On day two we headed five miles north again to Lac La Croix, the international waterway of Canada and the United States, and one of the only lakes in the boundary waters that allows motorized boats. This lake will make your jaw drop, boasting 29,596 acres, with a maximum depth of 168 feet surrounded by 482.4 miles of shoreline, this lake is a shinning jewel in the vast Boundary Waters Wilderness. The beautiful shoreline, perfect for swimming and fishing, is also where you can find mesmerizing pictographs located on the Canadian cliffsides I suppose it’s hard to imagine its beauty until you’ve dipped your paddle in these waters.

After a day of sun, exploring the Canadian border, and fishing we made our way south back to camp. Although we had caught a couple of small mouth bass that day, nature had other plans and a snapping turtle ended up with a full stomach and an easy meal. Not to worry folks, the next day we caught a 24-inch walleye and two small mouth bass which made a nice feast. The night was filled with unforgettable conversation, personal pizzas cooked on the fire, and was topped off with a late-night show from a family of otters. This could not have been a better way to spend our last night on Lake Agnes.

Our last morning, we woke up to sunny skies and glass-like water. But this was the day we weren’t looking forward to. Every paddle stroke was a reminder that this trip was slowly coming to its end. The 11-mile trek gave us time to reflect. In the backcountry, time seems to slow down, social media disappears, and current events are irrelevant.

I’m sure you’re wondering, what do a bunch of queers have to do with raising awareness for the Boundary waters? The fact is environmental issues and social justice issues go together. You can’t have one without the other. A lot of this trip consisted of conversations about how rural areas don’t welcome diversity. How BIPOC and the LGBQT+ community don’t feel welcome or safe in rural or remote places. Some feel as though they need to mask themselves when going to these areas. Which in this case is when someone that identifies as LGBQT+ feels as though they need to change their whole persona to appear “less queer” whether that be on the trail, paddling or at the trailhead.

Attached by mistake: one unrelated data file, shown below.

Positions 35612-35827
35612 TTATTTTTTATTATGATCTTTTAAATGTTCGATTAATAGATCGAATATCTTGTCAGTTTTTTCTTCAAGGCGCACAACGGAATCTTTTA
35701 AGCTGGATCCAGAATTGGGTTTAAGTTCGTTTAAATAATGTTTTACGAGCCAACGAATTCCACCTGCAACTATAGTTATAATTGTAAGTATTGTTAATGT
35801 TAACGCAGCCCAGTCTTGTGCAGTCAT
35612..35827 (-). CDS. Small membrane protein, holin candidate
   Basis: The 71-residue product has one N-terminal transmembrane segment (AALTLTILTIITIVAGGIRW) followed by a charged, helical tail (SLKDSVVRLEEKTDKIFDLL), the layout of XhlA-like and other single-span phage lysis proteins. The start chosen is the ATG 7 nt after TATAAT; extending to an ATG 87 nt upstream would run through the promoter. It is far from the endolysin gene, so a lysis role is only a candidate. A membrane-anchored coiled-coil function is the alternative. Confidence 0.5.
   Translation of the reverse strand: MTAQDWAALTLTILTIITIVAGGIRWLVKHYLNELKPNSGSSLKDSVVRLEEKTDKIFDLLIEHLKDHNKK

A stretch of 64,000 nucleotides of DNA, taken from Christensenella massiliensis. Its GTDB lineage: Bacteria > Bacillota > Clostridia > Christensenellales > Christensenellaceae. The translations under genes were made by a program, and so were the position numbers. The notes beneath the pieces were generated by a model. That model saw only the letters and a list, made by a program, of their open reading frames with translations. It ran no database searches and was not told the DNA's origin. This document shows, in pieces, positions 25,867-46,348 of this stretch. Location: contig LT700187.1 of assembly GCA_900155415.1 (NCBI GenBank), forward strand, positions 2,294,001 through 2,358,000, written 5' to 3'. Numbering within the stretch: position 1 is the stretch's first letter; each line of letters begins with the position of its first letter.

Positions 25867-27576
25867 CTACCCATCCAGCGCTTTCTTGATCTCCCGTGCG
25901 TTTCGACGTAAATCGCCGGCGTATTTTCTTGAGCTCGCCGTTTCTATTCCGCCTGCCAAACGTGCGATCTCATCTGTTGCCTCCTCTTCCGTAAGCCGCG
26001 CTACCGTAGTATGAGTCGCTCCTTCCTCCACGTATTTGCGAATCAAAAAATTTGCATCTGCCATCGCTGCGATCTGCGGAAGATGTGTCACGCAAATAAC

Katie Meo

Have you ever felt this way? If you said yes, please know you have support. There are multiple groups in Oregon and around the country that support BIPOC and LGBTQ+ people in the outdoors. For those of you who have never felt this way, I encourage you to ask yourself what you can do to help create safe spaces. Building community takes work, but sometimes a simple “hi” in these outside spaces can contribute to building a foundation to create safe spaces. Outside Safe Space has a concept for this. A simple rainbow tree pin or sticker to put on your pack, hat, water bottle, or any piece of gear can help others feel safe in these outside spaces. You might think it’s just a sticker, how can that make a difference? I think we all know that when we realize we have one thing in common with someone it can lead to a million other conversations and connections. After all we are going into these places to seek connection to ourselves, to the land and to others.

On this trip I learned that self-exploration is never ending. We are always pursuing answers, connections, and self-worth, that a lot of people seek when exploring outdoor spaces. I also learned to judge myself less and give myself permission to heal and to take my power back which was something that I wasn’t alone in learning. Even within the communities (i.e., LGBTQ+) there’s a division we need to recognize that privilege still lives here. Those who have that privilege need to acknowledge it and use it to create change on and off the trail. Healing takes time and building community takes time just don’t forget to give yourself grace. These spaces are for everyone and it’s up to us to create those safe spaces so that everyone has the opportunity to heal, connect, and of course have FUN!